Abstract

Animals may respond to seasonally changing environments with physiological and behavioral strategies. Whereas migration is a behavioral strategy used by many taxa, it may not be an option for small mammals. However, small mammals can seasonally vary the area of habitat in which they are active. The striped mouse Rhabdomys pumilio in the semiarid Succulent Karoo of South Africa lives in a seasonal environment, characterized by hot, dry summers with low food abundance and cold, wet winters, followed by high food abundance in spring. We radio tracked a total of 28 females during the 2004 dry season, the following breeding season in spring, and the following dry season in 2005 and tested the prediction that females shift their home ranges in relation to food availability. Females shifted their home ranges from an area characterized by evergreen succulent shrubs in the vicinity of a dry riverbed in the dry season to sandy areas that were characterized by new plant growth of annuals in spring. Home ranges during the breeding season in spring had a higher percentage of annuals than dry season home ranges measured in spring. Female home range size increased during the breeding season. We suggest that female striped mice shift their home ranges seasonally to gain access to protein-rich young plant material, which is important for breeding.

For animals inhabiting seasonally varying habitats, the availability, distribution, quantity, and quality of food, shelter, mates, and other resources vary according to climatic changes during the year (Forman, 1995). Food is often more abundant in summer than in winter or after the rainy season. Animals may possess physiological and/or behavioral strategies to cope with these seasonal challenges. One behavioral strategy is to migrate to avoid seasonal fluctuations and lack of resources (Alerstam et al., 2003; Forman, 1995).

Migration over large distances may be impractical for small mammals because of high energy costs and high predation pressure risk (Alerstam et al., 2003; Bowers and Dooley, 1993; Hanski et al., 2001; Soulé and Terborgh, 1999), and their low life expectancy would make such a long-term strategy unprofitable (Roff, 1992). Nevertheless, many rodents disperse from their natal home ranges in order to find mates (Gundersen and Andreassen, 1998; Krackow, 2003; Randall et al., 2002), to avoid competition with other group members (Gerlach, 1998), or to escape local climatic conditions such as floods and snowfall (McShea and Madison, 1992).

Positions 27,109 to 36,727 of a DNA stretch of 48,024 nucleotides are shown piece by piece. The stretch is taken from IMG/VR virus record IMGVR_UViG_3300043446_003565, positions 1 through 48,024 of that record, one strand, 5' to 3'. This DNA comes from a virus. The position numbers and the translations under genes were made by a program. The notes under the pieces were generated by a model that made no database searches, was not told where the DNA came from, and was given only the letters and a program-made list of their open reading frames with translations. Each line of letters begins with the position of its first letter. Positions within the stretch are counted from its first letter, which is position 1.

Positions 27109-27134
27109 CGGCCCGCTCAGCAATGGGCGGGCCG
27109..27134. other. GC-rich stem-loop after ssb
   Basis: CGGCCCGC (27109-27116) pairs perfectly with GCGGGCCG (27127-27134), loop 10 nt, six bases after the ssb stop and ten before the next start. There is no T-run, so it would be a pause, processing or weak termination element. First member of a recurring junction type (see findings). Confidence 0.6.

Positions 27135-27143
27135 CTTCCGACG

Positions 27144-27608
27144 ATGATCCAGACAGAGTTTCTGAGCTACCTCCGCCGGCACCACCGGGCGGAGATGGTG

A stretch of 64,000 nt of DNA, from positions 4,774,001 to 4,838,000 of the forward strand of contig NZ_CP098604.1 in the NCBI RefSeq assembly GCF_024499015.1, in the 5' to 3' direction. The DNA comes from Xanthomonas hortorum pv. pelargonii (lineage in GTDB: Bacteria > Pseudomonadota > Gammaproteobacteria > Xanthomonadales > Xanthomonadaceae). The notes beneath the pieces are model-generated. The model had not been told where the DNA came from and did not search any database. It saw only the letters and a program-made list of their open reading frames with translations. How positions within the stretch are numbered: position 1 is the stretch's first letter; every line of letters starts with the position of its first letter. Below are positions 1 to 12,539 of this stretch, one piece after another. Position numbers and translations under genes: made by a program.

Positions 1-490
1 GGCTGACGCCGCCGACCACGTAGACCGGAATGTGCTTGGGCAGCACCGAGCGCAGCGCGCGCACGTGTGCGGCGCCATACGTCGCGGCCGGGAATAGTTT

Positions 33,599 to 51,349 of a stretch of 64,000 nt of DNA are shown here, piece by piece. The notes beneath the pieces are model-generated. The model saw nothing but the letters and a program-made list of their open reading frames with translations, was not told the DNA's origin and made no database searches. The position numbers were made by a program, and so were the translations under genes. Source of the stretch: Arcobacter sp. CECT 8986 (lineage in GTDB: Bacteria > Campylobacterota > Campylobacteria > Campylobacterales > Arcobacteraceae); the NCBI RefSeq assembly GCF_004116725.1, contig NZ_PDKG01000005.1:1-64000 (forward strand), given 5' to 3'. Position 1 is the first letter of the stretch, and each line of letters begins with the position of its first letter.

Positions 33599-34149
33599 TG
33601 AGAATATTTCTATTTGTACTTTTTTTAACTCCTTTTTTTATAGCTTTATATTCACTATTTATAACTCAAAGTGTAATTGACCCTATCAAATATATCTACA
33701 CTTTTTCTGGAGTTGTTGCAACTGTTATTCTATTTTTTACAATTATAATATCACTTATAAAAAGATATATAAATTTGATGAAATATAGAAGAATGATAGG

Dispersal differs from migration in the distance covered and in the functional direction. Migration is bidirectional, with directional movement occurring toward an area of better resource availability and ending at the point of departure (Alerstam et al., 2003). In contrast, dispersal is unidirectional and often leads to high mortality of dispersers (Anderson, 1989; Lidicker and Stenseth, 1992). Moreover, dispersal is a complex behavior (Lidicker, 1985), and the decision and motivation (forced or voluntary) to disperse may differ between individuals and circumstances (Lin and Batzli, 2004; Solomon, 2003).

Apart from dispersal away from an original (natal or nonnatal) home range, one can also expect directed seasonal movements in small mammals. When small mammals live in a seasonal environment with different habitats that offer resources on a seasonal basis, one would predict that they would use the different areas in a seasonal pattern. For example, wood mice (Apodemus sylvaticus) display seasonal variation in habitat use in relation to changes in the availability of cover (Todd et al., 2000) and extend their home ranges into cultivated fields when food becomes available there (Wolton, 1985).

The striped mouse Rhabdomys pumilio in the Succulent Karoo of South Africa lives in a seasonal environment. The Succulent Karoo is a desert to semidesert environment with an annual rainfall of 160 mm at our field site (Rösch, 2001). Rainfall is seasonal and occurs mainly during winter, resulting in a seasonal pattern of plant growth (Cowling et al., 1999). At our field site, striped mice live along a dry riverbed, and the habitat is variable within a small area. Succulent shrubs are present all year round around a dry riverbed, and in spring, annuals are available less than 100 m away. Striped mice feed on both succulent shrubs and annuals (Schradin, in press). The results of other studies indicate that young plant growth provides striped mice with a high-protein source, which determines the onset of the breeding season (Nel, 2003; Perrin, 1980). The physiological mechanisms linking protein levels and onset of reproduction in R. pumilio are unknown, although dietary protein most likely influences endocrine pathways and gonad function (Schneider, 2004; Schoech and Bowman, 2003).